Type 3: These coaches are the ones that make officials want to quit. They think their job is to look for infractions that the official isn't calling, and scream about it, on every play. They try their best to influence the officials. You can close your eyes, and easily hear these coaches on every play. THAT'S HOLDING!!! ARE YOU BLIND??? HE'S HOLDING MY PLAYER!!! HOW DO YOU MISS THAT??? As their focus is entirely on the officials, their parents, who often don't know better, join in the circus. Sometimes these types of coaches are wrong, but because they are screaming about it, the parents think they're right. Often these coaches played high school ball 30 years ago, and don't realize the rules have changed. Blindside block is a big one. The definition of a blindside block has evolved over the years. A block that was legal 20 years ago, isn't legal now. Sometimes these coaches think in terms of what they see on TV, which is either college or professional football, and often times there are differences in the rules. For example, in high school, there is no such thing as "uncatchable", when it comes to pass interference. It's either interference or it's not, whether it was catchable or not, is irrelevant. MN in the last couple years just added the "out of the tackle box" rule, with regard to intentionally throwing the ball away. For years you would see it on TV, but it wasn't a rule in high school. So the type 3 coach, who just got flagged for intentional grounding, would be screaming at me "He's out of the tackle box", when it wasn't yet a thing. Encroachment by the defense, is an automatic whistle in high school, where in pro ball they get a free play if there isn't contact. It's things like that that these type 3 coaches lose their mind over. I had a play in that last game i worked, where the punt team had 5 guys in the backfield. After the ball was snapped, their right tight end tried to release, and go down field to cover the punt, and the defensive tackle "blocking him", grabbed some jersey, and was going for a sleigh ride. So there were two off-setting penalties on the play: Illegal formation on the offense, and holding on the defense. The Angry elf on the sideline immediately started screaming at me, that we "can't call Holding on the defense". "The defense can use their hands". There's no such thing as holding on the defense", etc. I try to keep a straight face, but that last one was too much, and made me a laugh a bit. I know I'm not supposed to be listening, but it's ridiculous. Then the parents think he's right, and they all start chiming in.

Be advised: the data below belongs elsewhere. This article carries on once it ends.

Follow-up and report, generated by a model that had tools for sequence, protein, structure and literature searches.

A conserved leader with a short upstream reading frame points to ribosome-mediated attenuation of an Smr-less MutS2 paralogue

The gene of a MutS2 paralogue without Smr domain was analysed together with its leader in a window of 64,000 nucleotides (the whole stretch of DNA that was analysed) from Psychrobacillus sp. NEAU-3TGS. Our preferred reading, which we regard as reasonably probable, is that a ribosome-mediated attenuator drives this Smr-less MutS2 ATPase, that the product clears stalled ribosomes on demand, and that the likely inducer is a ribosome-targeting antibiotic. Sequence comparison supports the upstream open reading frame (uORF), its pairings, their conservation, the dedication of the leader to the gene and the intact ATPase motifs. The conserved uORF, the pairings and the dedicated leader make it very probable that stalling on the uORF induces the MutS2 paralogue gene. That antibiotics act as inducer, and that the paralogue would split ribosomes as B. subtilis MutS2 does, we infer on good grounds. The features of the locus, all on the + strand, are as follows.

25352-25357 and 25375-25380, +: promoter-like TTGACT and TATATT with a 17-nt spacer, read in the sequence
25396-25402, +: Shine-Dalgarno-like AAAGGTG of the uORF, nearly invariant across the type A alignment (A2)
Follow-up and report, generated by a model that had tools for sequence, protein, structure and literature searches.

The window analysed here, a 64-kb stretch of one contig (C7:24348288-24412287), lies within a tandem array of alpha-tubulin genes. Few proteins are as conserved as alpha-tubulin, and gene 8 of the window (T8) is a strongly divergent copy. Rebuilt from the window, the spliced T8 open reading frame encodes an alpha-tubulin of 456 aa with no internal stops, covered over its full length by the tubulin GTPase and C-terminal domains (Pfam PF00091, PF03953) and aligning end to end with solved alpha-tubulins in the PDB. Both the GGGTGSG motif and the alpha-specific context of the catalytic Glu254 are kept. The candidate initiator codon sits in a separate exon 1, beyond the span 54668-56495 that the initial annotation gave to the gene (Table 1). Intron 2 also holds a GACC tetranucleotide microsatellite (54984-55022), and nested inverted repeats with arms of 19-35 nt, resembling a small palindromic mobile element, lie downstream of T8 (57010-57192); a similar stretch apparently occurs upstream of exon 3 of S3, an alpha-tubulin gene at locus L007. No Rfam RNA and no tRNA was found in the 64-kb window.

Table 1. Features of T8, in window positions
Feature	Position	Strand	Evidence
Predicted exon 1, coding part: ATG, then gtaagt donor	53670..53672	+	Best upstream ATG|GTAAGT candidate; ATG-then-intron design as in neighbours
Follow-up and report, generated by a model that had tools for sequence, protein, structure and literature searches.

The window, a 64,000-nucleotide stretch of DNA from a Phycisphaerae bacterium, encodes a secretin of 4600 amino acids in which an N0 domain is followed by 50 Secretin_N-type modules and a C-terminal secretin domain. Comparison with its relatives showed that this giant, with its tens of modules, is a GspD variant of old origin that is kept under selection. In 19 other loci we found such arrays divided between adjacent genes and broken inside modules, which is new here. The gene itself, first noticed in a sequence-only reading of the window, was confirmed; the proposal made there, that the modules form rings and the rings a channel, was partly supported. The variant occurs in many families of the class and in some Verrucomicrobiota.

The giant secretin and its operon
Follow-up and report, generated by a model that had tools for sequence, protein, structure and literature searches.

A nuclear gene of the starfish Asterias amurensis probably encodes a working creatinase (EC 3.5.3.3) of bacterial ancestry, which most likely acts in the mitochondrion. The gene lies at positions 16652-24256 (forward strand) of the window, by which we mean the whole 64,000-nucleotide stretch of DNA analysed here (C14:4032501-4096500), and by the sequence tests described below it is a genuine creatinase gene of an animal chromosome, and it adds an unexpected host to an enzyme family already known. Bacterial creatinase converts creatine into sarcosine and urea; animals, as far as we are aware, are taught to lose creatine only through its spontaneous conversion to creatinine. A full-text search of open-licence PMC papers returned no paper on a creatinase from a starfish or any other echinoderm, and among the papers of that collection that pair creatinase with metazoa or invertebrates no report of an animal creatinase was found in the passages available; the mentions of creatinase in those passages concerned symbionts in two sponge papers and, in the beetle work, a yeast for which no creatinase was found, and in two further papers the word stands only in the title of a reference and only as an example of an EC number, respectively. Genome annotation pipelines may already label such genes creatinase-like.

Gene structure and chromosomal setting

I'm not one to get into verbal altercations with the coaches. I prefer to walk over, shorten the distance, and lower my voice, so that the parents can't hear the discussion. But I don't have time to walk over to the sideline on EVERY play, which is basically what is necessary with some of these type 3 coaches. I really wish they would just focus on coaching their players. I also don't like to throw coaches out of the game. They volunteer a lot of hours to coach the kids, so I try to avoid ejections.

If you give me film of a type 3 coach, and don't even show me their team, I'm going to guess that most of the time, they are coaching a sub 500 team. Because they are focused on the officials, they are spending less time trying to improve their players techniques, and less time trying to figure out the weakness of their opponents, so they can tweak their attack, and win. it's often these type 3 coaches that are getting flagged for too many men on the field, or they are playing downs with 10 guys. They should be counting their players, but they are too busy yelling at the officials. Players for these types of coaches, also start to buy-in, that they are losing the game because of the officials. I rarely hear complaints from players that play for type 1 coaches, but frequently hear complaints from players of type 3 coaches. Players for type 1 coaches, know that there is some holding that will always be part of football, and that they have to figure out how to play through that. Players for type 3 coaches, tend to quit on the play as soon as any small amount of holding occurs, and they throw their hands up and start looking to the official for a flag/help. Type 3 coaches are crippling their kids. They are inadvertently giving their kids a crutch to lean on, the isn't helping in their development.

Sorry, I'll get off my box now. I will say, that in general, I really enjoyed my 23 years of officiating football. I may get back into it, but I'd probably do high school instead. I could be wrong, but I'm guessing those coaches at least have a pretty good understanding of the current rules, and probably a little bit better control of their emotions.